ISSN: 2241-6692

In Crisis: Greek Cultural Heritage, Masculinity and a Female Pig

Tonia Kazakopoulou


Masculinity in crisis has been a re-emerging theme in cultural production and criticism, especially when established norms and realities are deemed to be under threat (from the feminist movement, financial pressures or stock market crashes, war, immigration, LGBTQ+ legislation, to name but a few). While dominant stereotypes of toxic masculinity are seen to be under pressure in such moments, new, more fluid, masculinities become more apparent in cultural discourse. However, these alternative masculinities are perceived to be the result of such threats and pressures, rather than the result of patriarchy’s inherent structural contradictions. Moments of crisis, then, in turn can be understood and interpreted through their impact on established, dominant forms and expressions of masculinity, and the restoration of order is seen as an opportunity to reinstate stereotypical masculinity itself. Many recent art-house Greek films have dealt with the theme of an all-encompassing crisis – social, political, cultural, ensuing from the financial calamity of the last decade or so, and which these films often trace back to a menacing patriarchy. In this article, I argue that this preoccupation is not a new theme, nor indeed is crisis a new reality, but in fact these have perennially resided in the Greek national cultural heritage. Returning to Olga Malea’s Honey and the Pig (2005), a film that is historically, politically and socially removed from this most recent pressure point, allows for this argument to be put forward most effectively.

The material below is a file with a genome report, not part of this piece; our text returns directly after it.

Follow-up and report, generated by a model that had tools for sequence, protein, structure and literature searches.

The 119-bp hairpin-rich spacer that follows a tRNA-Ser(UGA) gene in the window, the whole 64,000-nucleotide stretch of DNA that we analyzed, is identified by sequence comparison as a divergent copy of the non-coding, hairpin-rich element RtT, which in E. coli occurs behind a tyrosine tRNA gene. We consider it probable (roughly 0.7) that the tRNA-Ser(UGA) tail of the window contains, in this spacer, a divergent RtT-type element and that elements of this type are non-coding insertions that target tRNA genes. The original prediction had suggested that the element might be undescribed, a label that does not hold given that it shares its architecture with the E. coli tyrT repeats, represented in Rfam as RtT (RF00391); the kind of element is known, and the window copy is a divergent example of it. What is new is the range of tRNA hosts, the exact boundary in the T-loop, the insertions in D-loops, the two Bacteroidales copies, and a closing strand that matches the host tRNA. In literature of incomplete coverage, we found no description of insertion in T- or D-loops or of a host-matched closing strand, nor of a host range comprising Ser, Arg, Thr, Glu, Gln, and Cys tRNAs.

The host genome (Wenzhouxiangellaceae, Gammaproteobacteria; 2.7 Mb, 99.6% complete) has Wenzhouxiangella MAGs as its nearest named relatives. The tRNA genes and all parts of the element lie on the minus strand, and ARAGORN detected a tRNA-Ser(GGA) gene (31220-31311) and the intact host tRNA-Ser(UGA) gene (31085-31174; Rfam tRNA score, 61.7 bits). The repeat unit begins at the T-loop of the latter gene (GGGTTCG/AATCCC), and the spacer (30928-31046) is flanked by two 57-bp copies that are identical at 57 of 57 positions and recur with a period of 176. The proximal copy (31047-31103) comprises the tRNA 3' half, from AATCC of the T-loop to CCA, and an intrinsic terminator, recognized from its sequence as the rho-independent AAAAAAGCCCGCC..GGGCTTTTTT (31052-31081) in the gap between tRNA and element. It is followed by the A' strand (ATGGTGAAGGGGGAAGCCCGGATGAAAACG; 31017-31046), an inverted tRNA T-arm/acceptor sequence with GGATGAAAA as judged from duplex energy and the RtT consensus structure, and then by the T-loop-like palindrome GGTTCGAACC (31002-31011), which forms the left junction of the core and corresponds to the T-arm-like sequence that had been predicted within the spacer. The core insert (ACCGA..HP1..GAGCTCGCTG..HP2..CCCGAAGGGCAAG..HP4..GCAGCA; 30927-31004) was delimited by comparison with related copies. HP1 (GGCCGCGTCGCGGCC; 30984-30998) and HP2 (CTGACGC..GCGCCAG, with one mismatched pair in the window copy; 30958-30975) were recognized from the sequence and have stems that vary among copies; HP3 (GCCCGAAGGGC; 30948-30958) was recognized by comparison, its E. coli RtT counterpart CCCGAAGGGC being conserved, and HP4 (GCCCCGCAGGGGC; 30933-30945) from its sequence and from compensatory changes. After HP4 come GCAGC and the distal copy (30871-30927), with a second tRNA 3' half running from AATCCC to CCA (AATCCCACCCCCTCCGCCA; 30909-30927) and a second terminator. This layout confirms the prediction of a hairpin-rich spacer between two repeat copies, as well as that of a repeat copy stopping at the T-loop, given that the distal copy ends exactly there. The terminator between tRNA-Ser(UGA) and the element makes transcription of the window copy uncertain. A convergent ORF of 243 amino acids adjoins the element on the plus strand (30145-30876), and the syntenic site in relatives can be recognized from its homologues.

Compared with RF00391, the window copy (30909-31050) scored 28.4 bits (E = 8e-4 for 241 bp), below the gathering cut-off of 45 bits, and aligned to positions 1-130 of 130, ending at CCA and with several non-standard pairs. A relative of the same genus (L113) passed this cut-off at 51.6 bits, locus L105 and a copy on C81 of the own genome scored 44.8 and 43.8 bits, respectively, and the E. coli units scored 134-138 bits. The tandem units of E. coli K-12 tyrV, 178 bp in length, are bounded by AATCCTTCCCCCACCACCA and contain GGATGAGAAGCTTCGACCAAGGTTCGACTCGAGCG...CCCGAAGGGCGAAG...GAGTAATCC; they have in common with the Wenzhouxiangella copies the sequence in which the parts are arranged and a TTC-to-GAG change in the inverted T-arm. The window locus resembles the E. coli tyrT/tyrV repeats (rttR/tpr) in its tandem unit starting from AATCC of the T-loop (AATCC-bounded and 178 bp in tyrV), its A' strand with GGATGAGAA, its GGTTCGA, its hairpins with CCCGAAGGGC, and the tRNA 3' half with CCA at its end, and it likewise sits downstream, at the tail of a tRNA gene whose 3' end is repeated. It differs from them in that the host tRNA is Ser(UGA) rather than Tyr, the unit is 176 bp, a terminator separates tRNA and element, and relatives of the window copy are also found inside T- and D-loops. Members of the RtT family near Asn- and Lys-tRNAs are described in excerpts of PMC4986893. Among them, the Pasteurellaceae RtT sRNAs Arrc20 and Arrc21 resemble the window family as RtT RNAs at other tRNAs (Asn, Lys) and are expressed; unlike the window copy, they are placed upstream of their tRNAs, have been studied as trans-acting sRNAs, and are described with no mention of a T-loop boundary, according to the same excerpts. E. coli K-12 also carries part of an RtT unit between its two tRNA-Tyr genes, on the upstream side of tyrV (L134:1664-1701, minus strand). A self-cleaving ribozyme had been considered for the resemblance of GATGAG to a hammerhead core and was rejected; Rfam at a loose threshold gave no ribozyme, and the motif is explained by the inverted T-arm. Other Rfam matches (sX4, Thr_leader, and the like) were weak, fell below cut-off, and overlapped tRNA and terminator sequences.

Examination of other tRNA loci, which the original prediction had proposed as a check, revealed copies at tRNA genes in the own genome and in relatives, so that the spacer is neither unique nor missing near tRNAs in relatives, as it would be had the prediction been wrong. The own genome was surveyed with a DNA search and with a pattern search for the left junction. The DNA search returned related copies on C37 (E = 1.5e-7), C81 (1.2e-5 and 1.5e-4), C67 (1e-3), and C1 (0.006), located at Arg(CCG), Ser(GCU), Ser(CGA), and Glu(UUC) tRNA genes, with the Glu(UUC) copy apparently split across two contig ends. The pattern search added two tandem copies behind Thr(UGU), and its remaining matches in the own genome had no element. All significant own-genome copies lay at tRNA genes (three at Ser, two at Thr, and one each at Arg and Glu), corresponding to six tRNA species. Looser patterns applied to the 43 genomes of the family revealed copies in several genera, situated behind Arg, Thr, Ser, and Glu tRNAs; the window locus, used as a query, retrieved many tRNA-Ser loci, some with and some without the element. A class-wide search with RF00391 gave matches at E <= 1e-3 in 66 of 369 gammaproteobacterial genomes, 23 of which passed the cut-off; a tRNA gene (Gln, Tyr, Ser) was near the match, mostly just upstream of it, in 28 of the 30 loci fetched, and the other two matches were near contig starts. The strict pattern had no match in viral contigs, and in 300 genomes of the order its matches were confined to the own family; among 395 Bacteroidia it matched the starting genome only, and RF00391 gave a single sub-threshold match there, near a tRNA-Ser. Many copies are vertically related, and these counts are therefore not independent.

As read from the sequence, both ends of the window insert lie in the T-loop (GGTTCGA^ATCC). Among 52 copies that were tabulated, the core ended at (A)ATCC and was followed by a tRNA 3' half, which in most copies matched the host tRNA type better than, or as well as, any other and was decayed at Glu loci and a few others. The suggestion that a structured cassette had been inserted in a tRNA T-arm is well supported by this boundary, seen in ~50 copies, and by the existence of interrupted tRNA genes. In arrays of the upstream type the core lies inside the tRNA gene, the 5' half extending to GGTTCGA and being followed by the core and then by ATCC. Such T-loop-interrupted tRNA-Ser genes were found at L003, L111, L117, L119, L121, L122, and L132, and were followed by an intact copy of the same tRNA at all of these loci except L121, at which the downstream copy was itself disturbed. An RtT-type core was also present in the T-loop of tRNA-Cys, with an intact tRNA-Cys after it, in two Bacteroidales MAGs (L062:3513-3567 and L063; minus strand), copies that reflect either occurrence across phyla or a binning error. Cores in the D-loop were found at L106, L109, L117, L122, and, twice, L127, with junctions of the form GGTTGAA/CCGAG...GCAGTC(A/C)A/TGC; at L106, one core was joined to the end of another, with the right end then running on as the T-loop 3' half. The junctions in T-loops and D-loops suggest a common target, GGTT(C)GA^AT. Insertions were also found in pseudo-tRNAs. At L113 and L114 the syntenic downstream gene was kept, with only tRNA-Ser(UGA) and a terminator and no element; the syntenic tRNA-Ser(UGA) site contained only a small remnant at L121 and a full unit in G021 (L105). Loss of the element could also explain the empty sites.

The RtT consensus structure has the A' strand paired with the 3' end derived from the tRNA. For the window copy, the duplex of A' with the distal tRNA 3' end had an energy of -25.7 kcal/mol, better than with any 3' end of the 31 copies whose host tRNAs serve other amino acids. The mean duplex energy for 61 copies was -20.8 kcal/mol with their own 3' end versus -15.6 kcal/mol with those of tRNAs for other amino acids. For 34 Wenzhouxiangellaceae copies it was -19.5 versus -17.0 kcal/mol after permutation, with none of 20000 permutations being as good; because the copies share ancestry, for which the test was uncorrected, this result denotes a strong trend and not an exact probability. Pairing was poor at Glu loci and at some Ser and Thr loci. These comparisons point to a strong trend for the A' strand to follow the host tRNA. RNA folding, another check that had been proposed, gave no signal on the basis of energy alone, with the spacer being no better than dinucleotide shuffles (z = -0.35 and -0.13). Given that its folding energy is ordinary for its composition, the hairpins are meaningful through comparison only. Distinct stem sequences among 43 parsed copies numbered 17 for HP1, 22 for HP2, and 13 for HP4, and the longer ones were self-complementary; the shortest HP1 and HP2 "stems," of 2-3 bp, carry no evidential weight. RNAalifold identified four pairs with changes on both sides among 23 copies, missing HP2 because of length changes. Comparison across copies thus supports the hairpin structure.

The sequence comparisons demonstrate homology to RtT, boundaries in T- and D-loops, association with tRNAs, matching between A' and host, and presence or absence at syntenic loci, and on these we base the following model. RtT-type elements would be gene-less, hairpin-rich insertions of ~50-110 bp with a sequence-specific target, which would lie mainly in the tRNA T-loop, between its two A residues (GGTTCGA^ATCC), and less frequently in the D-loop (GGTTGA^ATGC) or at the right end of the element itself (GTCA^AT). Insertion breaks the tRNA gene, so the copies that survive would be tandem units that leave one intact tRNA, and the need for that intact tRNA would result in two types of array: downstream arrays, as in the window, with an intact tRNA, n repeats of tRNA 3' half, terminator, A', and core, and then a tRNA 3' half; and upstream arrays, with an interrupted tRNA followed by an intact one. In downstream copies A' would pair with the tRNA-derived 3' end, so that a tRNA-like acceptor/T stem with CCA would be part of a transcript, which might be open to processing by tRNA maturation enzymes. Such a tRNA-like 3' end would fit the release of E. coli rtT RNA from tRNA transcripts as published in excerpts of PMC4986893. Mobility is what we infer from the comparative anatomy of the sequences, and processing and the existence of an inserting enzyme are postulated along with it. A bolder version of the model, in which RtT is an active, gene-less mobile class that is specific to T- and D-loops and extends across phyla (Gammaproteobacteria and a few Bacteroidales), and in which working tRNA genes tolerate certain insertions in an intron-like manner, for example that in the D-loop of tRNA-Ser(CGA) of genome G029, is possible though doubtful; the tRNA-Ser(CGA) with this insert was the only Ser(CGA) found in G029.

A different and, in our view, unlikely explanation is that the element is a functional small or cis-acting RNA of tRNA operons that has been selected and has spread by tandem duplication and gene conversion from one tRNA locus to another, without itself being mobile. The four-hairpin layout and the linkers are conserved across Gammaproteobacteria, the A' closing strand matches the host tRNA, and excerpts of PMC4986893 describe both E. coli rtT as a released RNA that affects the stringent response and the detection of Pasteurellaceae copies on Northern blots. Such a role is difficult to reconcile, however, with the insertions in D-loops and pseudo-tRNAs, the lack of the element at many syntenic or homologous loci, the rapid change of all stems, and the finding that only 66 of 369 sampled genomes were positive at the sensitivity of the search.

Keywords: comedy, crisis, Greek cultural heritage, Malea, masculinity, patriarchy